Online Program

Passport to Parks: A Collaboration Between Parks and Health

Monday, November 2, 2015 : 3:30 p.m. - 3:45 p.m.

Elaine Lo, MPH, Family Health Services, San Mateo County Health System, San Mateo, CA
Jennifer Liu, Parks & Recreation Department, City of Foster City, Foster City, CA
Edith Cabuslay, MPH, Community Health Promotion Unit, San Mateo County Health System, Belmont, CA

Due to sedentary lifestyle, Americans are at greater risk of obesity, heart disease and diabetes. Healthcare agencies, Parks and Recreation (PR), local government, and community members in San Mateo County, CA, united as a physical activity collaborative to promote physical activity and improve its residents’ physical and mental health, and social connectedness.


The collaborative is launching a year-long “Passport to Parks” (P2P) campaign in 2015 to send residents on a “treasure” hunt to discover some of their cities’ parks. P2P increases parks’ visibilities and use while it engages residents in active transportation (e.g., walk, bike). Participants find a series of clues about the next destination until they reach the final destination. P2P includes routes and parks that are amenable to families, older adults and people with disabilities.


At least four cities’ Parks and Recreations are participating in P2P. The goal is to have at least 60 residents from each city complete the campaign. The participants’ surveys will help guide the development of public health policies that focus on engaging communities in physical activity at the parks or other public venues.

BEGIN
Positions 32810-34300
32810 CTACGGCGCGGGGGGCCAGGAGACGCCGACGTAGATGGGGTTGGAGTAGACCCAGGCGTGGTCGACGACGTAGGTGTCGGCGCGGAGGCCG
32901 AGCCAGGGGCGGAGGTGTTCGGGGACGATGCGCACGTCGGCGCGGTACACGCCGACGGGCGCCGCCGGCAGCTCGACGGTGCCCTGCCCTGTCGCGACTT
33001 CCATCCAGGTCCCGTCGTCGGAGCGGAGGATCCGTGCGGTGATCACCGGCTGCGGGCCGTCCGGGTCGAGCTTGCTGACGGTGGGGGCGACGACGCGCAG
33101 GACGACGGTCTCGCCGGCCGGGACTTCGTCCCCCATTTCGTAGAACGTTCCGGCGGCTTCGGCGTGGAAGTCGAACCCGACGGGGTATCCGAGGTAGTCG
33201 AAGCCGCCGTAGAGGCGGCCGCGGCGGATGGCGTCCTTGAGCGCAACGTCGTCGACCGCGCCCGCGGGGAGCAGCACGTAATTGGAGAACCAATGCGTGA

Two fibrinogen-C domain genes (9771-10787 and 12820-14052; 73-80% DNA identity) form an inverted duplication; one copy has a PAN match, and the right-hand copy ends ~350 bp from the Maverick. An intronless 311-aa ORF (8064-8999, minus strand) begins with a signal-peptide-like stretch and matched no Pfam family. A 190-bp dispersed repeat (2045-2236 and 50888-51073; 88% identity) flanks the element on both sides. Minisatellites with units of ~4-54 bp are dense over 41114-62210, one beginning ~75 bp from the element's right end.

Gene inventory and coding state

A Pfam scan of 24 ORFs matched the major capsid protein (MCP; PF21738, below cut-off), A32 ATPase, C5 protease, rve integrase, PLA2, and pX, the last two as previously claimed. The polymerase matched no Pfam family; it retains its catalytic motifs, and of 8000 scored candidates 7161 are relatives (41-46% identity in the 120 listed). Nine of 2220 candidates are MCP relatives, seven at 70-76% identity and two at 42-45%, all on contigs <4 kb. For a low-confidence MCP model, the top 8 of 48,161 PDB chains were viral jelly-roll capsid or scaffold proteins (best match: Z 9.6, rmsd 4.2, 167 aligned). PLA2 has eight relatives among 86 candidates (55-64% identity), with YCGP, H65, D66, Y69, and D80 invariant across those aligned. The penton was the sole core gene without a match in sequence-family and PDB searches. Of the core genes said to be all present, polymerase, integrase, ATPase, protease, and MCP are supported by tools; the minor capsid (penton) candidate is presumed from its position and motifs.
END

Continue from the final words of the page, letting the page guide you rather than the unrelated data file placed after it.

In addition to increasing physical activity, this campaign has two additional benefits - increasing collaboration between multiple agencies within a county and improving residents’ connection with local resources. As residents become more active, they become less sedentary, reducing their chances of developing poor health outcomes. The campaign is one of few endeavors to develop collaborative health policies that promote physical activity, social connectedness and health.

Learning Areas:

Administer health education strategies, interventions and programs
Chronic disease management and prevention
Implementation of health education strategies, interventions and programs
Planning of health education strategies, interventions, and programs
Program planning
Public health or related education

Learning Objectives:
Explain the steps for planning, implementing and evaluating a physical activity campaign Describe the benefits and challenges of a multi-agency collaboration for physical activity promotion

Keyword(s): Physical Activity, Community-Based Partnership & Collaboration

Presenting author's disclosure statement:

Qualified on the content I am responsible for because: I have an MPH in Health Education and currently work as a Public Health Educator for a local county. As staff of a county-wide physical activity collaborative, I plan and implement the program mentioned in the abstract, as well as other physical activity initiatives. I am also involved with a Falls Preventions Taskforce and a Bay Area Physical Activity and Nutrition Collaborative's Physical Activity subcommittee.
Any relevant financial relationships? No

I agree to comply with the American Public Health Association Conflict of Interest and Commercial Support Guidelines, and to disclose to the participants any off-label or experimental uses of a commercial product or service discussed in my presentation.